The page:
Years ago, no one would have ever thought of checking their with a mobile phone or a smart watch. Yet, mobile applications (or “apps”) on tablets, mobile phones, and smart watches are becoming more and more common in healthcare. Technology even makes it possible to get mental health help wherever you are. From online therapy to handy mental healthcare mobile apps, it’s easier than ever to deal with problems like depression, anxiety, and PTSD, and you can take this help with you, no matter where you are.
Many depression apps have come out in recent years, but it’s important to get one that works for you. Here are a few to consider:
This app screens for depression by asking you questions each day. At the end of two weeks, it provides you with a document you can use when you talk to your mental health provider. In addition, it has mental health tools that you can use on your own to improve your mental health.
MY3 is another app for depression and suicide prevention. You set up three contacts to get in touch with if you’re feeling especially down. It helps you create a safety plan to use if you’re feeling suicidal, including warning signs and support networks.
This app uses tools like a thought diary to help you root out and decrease negative thinking. MoodTools also has a safety plan maker, self-help guidelines and videos, and a depression tracker.
If you have a lot of anxiety, you may find yourself nervously playing with your phone, scrolling through the news or social media, or playing mobile games. However, you can find apps that make that time spent looking at your phone more productive and beneficial for your mental health.
This app uses the audio on your phone to promote a more peaceful state. As you listen to these relaxation-focused sessions, you learn about techniques for overcoming anxiety.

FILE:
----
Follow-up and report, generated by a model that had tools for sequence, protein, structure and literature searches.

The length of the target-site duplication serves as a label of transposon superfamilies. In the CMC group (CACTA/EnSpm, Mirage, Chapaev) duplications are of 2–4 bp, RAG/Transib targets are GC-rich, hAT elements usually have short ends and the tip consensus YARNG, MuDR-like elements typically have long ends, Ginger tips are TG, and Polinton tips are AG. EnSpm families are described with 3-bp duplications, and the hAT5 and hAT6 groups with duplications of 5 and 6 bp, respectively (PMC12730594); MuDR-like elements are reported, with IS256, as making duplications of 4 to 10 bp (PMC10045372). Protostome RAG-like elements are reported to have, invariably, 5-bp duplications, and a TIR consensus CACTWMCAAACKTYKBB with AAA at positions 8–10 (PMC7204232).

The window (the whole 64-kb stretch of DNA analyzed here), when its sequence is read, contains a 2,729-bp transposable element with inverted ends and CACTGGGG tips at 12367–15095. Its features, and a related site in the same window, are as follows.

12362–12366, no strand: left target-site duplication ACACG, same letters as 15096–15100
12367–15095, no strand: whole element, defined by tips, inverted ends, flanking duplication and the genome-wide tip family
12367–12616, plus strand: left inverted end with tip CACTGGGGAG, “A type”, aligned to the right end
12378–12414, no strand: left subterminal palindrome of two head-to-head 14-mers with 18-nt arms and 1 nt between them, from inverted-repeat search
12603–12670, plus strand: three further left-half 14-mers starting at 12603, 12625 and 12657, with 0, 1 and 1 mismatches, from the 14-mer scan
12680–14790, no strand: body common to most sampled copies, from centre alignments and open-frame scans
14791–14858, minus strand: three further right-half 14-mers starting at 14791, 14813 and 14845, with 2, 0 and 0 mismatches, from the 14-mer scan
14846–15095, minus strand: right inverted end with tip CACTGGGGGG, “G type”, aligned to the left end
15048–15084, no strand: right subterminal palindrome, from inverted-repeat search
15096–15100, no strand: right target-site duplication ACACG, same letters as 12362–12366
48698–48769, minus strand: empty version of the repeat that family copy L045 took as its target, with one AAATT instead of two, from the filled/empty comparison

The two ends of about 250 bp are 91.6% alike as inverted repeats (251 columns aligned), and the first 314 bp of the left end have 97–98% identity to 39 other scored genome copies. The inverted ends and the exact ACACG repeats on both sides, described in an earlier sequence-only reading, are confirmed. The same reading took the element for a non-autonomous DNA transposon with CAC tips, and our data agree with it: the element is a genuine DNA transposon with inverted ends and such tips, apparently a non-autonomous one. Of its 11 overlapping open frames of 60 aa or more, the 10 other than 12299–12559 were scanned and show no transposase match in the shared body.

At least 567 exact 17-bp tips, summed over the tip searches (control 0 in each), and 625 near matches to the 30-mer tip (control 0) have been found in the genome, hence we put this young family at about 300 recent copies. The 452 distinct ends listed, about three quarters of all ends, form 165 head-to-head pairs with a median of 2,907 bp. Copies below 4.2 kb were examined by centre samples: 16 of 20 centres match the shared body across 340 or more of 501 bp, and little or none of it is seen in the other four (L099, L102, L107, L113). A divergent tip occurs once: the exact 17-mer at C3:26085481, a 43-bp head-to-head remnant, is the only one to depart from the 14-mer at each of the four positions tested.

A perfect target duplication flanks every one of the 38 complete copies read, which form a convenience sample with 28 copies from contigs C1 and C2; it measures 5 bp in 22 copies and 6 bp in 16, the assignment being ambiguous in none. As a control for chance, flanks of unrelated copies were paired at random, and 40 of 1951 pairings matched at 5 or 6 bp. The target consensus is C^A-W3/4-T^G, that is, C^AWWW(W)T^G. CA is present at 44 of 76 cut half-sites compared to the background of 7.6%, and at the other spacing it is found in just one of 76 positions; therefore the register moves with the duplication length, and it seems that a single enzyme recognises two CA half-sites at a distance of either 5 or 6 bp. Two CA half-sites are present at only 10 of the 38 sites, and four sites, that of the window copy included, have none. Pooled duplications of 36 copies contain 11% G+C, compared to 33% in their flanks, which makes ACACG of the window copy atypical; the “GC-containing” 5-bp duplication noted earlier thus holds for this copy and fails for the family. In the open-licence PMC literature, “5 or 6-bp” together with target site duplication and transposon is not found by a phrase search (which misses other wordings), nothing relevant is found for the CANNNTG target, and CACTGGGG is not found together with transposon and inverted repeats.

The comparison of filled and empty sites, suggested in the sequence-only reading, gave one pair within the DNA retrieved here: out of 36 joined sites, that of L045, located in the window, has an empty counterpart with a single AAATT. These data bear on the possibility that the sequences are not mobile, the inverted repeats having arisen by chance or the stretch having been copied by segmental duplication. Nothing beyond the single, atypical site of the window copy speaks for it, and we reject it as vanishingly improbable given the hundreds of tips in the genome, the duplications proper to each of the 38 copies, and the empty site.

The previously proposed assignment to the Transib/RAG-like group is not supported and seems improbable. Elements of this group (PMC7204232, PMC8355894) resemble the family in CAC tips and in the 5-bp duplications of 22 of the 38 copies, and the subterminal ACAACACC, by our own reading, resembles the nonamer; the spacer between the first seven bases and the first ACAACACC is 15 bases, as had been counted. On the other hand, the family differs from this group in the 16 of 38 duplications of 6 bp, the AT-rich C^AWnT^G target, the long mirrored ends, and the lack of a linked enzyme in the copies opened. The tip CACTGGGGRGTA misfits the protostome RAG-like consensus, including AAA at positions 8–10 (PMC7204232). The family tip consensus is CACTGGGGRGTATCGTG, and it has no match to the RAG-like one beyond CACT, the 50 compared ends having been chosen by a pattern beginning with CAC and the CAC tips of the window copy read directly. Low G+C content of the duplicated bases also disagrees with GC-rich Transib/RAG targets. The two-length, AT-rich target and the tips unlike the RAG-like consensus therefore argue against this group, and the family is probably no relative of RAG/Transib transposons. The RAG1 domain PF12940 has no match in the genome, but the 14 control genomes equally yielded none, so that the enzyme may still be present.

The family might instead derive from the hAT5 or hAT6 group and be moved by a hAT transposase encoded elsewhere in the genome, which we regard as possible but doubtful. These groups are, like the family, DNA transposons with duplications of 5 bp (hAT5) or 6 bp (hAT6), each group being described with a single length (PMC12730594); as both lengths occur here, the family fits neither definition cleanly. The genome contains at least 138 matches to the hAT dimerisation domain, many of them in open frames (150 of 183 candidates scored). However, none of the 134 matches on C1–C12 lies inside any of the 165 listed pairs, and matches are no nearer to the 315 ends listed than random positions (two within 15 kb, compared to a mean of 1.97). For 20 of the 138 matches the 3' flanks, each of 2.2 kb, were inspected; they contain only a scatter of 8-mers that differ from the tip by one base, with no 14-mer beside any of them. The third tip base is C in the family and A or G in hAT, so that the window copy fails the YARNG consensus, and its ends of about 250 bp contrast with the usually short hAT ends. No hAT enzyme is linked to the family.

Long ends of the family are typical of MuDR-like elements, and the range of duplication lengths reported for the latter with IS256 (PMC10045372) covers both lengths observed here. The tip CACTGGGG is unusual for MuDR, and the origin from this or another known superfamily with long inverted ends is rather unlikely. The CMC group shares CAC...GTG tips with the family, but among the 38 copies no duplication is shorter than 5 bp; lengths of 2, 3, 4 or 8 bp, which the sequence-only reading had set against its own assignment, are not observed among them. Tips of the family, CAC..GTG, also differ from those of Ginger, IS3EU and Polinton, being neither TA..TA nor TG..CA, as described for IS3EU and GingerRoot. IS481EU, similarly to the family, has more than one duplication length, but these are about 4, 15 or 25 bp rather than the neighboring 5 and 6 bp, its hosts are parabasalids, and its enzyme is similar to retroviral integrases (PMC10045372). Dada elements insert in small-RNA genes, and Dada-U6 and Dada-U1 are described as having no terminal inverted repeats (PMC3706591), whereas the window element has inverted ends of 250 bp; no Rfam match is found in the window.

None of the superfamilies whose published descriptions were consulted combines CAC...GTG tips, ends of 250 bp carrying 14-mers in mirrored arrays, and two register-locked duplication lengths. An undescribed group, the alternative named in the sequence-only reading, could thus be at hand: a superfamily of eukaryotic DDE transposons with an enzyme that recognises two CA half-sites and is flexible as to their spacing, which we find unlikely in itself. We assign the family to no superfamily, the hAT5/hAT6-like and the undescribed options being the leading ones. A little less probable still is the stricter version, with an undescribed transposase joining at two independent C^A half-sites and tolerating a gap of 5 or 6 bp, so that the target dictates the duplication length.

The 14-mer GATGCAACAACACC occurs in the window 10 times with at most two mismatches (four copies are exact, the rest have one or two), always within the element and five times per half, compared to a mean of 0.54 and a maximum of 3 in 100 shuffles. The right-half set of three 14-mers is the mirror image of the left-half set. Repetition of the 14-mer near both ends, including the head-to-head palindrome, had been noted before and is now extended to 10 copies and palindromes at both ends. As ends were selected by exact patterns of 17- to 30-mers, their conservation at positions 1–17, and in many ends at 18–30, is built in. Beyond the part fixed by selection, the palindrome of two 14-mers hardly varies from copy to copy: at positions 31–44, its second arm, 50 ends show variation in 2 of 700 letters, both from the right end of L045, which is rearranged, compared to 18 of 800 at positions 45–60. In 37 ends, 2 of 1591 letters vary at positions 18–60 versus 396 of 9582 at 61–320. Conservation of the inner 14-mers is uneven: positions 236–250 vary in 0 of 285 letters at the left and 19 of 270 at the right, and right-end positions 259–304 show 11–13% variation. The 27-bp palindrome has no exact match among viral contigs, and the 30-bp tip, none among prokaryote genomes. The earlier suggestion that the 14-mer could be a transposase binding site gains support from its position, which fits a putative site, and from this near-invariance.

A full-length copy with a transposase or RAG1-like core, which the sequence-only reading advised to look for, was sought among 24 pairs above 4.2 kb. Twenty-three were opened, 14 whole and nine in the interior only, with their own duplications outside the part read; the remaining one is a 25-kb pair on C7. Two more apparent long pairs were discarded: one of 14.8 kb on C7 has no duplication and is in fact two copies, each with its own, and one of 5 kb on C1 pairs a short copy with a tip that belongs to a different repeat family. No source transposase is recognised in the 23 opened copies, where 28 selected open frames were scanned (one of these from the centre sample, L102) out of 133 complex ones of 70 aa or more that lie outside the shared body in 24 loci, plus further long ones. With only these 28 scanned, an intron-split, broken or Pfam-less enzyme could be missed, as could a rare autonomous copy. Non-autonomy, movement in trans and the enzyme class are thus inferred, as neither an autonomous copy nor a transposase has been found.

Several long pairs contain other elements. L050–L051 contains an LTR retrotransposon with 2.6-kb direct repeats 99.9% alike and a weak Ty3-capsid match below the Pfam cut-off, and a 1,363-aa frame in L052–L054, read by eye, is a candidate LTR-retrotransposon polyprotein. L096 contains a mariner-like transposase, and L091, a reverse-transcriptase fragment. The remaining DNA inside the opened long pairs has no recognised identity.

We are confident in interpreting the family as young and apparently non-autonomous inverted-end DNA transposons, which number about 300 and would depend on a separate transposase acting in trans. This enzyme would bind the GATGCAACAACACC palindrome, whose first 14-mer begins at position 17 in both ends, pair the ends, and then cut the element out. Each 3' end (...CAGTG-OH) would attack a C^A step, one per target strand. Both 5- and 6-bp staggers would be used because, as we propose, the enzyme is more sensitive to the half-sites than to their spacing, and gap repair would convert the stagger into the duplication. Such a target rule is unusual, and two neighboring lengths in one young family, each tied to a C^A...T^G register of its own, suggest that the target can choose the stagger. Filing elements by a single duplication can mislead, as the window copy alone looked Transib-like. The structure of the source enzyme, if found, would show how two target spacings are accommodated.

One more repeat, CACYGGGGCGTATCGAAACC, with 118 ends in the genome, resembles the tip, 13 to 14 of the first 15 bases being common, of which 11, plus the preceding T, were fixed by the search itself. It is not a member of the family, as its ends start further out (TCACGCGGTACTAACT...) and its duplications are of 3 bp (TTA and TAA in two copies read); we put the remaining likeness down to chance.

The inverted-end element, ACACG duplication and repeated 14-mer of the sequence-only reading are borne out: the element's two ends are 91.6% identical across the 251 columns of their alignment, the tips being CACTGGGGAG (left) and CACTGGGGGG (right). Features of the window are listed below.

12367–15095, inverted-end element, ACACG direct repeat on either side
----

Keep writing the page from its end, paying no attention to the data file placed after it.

A meditation app like this can help you learn about and how to practice meditation. Headspace gives you an array of different guided meditations to choose from to help you calm down, be mindful, and relieve some of your anxiety.
The U.S. government wanted to help its military veterans deal with post-traumatic stress disorder, or so they created a mobile app called PTSD Coach. This app proved to be effective in clinical trials. PTSD Coach helps the user set up a support network, recognize symptoms and triggers of their PTSD, and learn coping strategies specific to PTSD.
All Purpose Mental Health Apps
Do you have more than one mental health concern? If so, an all-purpose app might be a better choice for you. You can use the following apps for a variety of issues and concerns.
What’s Up is a very popular tool that helps with a range of mental health concerns, including anxiety, depression, and anger. The app was designed to use Cognitive Behavioral Therapy (CBT) and Acceptance and Commitment Therapy (ACT) methods to help you track both positive and negative habits.
This is an app that covers many different mental health issues – the user selects the types of issues they would like to work on. These could be anxiety, parenting, or a range of other options. Then, the app gives you activities and fun things like small games to do to learn and improve in the chosen areas of focus.
Mobile apps are great for daily use, but sometimes, you need to devote more time to your mental health by talking to a counselor. Fortunately, the advances in technology have also made it possible for you to receive online therapy through your mobile device, tablet, laptop, or home computer.
Online therapists use the same psychological techniques as they would use if you saw them face-to-face for an office session. They can help you deal with nearly any mental health issue, although you will need to get immediate, local help if you have suicidal thoughts and plans.
is the largest online therapy platform where counselors and clients can be connected to discuss any problems that clients may have. The sessions are affordable, private, and professional, and these sessions are devoted to dealing with your unique issues in ways that make sense for your particular situation.